20. I don’t share your defeatist attitude about the city, but you are probably right about this since the libraries start out so bad to begin with.

    More importantly though, the polls showed the measure would pass until Heiner joined the Theineman camp and misled anti-tax but pro-library voters by saying that the goals of the tax proponents could be achieved without a tax. That simply wasn’t true. Even Republicans like Ellen Call came forward to say Heiner’s statements were false.

  21. How’s that defeatist?

    My attitude is this: I think Louisville is one of the best cities in the country. It’s why I’m here.

    I have no desire to be world class and every desire to be Louisville class. This city needs to stop trying to be bigger than its britches.

    The reality is the library tax didn’t pass because no one could understand it – not because of alleged motives of folks like Heiner. And because people in this city weren’t comfy letting Jerry Abramson have $16 million or whatever to add to the general fund without a guarantee that the regular funding and additional funding would both go to the libraries. Can’t change that.

    I doubt there’d be any library improvement by now if the tax had passed. Or in ten years. Or whenever. Because metro govt is a flustercuck. Do you remember Crit Luallen’s last audit? Hot mess that is not improving.

  22. “I don’t believe we’d have world class libraries with or without a tax. Let’s get real. We live in Louisville, Kentucky” – sounds defeatist to me.

    And even with your explanation, I still don’t see how trying to improve things all across town – and there are a lot of things that need improving – is getting bigger than our britches. “Louisville class” sounds like more of the same to me.

    What is “alleged” about Heiner’s motives? He was against it – and along with Theineman – was the face of opposition to it.

    Moreover, I don’t think a bipartisan majority of the council – and a whole bunch of conservatives in the business community – supported the tax because they wanted to give Jerry free money. I think they knew that a dedicated revenue stream would have made extending services to underserved areas easier and improved services at the existing libraries.

  23. Trying to be “world class” was what I said. You’ll note that I didn’t mention jack about improving services citywide.

    Motives = re folks like Jerry Abramson.

    A dedicated revenue stream would be good. But let’s get real: those funds weren’t guaranteed to the library. And Jerry’d said publicly the funds could be used to replace the current funding for the library.

  24. You’re right – you didn’t mention services. But why do you see trying to be “world class” as a threat to the city? I’ve always thought trying to do things better is a good thing – and I don’t see “getting too big for our britches” as a serious issue right now.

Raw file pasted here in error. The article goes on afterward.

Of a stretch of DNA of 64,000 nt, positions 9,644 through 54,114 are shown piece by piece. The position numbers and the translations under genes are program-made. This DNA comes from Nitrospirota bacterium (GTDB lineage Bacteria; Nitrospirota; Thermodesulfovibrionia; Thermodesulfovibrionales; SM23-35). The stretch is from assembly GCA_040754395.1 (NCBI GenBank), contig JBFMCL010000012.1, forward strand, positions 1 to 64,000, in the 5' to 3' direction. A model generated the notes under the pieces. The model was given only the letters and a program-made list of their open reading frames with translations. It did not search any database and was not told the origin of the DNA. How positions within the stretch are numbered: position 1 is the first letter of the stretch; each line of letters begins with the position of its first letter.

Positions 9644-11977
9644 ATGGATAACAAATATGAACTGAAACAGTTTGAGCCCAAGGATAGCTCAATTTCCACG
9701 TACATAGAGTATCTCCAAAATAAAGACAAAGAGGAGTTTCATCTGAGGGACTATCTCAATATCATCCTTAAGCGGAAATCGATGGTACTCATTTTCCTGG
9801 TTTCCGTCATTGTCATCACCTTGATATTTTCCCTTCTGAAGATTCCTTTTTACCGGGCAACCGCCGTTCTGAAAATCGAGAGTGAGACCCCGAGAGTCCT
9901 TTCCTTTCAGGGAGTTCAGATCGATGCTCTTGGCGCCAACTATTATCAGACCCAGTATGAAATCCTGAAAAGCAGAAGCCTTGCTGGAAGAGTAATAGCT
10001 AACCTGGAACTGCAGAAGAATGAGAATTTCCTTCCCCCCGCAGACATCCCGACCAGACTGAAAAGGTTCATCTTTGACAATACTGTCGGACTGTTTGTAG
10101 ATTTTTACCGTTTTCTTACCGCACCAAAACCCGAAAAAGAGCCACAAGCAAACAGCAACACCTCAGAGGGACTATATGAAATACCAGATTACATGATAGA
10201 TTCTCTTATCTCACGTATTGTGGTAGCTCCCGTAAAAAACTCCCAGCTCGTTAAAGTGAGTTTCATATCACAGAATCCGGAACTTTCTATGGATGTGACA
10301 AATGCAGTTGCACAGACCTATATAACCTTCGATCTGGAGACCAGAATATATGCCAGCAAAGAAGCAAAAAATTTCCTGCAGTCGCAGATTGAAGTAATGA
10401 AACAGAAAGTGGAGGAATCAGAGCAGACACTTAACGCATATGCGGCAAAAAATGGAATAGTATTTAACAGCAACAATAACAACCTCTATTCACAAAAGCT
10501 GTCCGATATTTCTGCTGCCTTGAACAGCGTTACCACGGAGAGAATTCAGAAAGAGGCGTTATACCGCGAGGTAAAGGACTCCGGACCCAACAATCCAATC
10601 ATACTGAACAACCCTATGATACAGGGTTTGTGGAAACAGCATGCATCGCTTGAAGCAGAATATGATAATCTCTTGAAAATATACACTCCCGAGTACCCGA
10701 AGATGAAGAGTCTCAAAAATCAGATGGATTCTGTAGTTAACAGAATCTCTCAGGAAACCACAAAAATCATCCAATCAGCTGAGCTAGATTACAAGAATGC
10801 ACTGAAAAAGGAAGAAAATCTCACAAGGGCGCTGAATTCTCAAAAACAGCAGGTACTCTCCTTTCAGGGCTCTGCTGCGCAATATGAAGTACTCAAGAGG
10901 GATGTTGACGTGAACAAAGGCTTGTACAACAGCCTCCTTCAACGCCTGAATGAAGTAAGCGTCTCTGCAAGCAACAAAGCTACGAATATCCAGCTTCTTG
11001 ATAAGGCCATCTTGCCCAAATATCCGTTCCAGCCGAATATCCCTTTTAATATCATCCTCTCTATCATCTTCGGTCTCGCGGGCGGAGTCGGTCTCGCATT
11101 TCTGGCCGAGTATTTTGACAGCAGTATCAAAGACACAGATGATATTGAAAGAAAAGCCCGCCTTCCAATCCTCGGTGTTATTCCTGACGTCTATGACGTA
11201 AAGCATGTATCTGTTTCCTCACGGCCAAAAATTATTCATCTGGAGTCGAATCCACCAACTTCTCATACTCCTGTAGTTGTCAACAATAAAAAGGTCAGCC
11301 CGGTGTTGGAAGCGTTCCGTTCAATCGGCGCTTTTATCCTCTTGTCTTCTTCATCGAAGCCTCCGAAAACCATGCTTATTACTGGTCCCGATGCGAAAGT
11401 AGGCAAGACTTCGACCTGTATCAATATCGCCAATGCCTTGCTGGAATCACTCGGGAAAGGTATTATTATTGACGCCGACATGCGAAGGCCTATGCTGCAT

I agree with you that the tax proposal wasn’t perfect, and some of the existing funds would have gone elsewhere. But again, Heiner’s argument wasn’t about those issues. It was that we could do everything we could do with the tax with no tax. That was fundamentally dishonest.

  25. I don’t see it as a threat to the city. I see it as a pipe dream along the same lines as that “16th Largest City” shiz.

    The same goals can be achieved without taking additional tax dollars. I’m pretty sure that’s reality.

    So how was Heiner being dishonest?

  26. His proposals for bonding the cost of library expansion, without a dedicated revenue stream, were not honest and he was called out on it by Ellen Call, as I said above.

  27. The library tax went down because enough people saw it for what it was, which was a slush fund to be utilized at Jerry’s will. The lack of sunset provision and the almost immediate announcement by Jerry of city government cuts after its defeat are proof of that.

    They thought that nobody would vote against literacy and kids. Pretty packaging for a tax hike on businesses and people would work within the city.

  28. Libraries are INFORMATION and information drives the world nowadays. I often have to seek out information that actually – big surprise – isn’t on the Internet – and the only place to get it is the library.

    As for the rest of his ideas, sounds nice, but not real world. LMPD officers now are literally running from call to call, and calls are backed up, how long do you want to wait for an officer to make their way back to their car and then dash to your call? We need a dedicated downtown foot patrol, but it needs to be just that, a scheduled, dedicated unit, not pulling an officer off their beat for an hour a day, they don’t HAVE an hour a day to spend strolling around. We are so shorthanded with respect to officers it is truly crazy, and people simply don’t realize.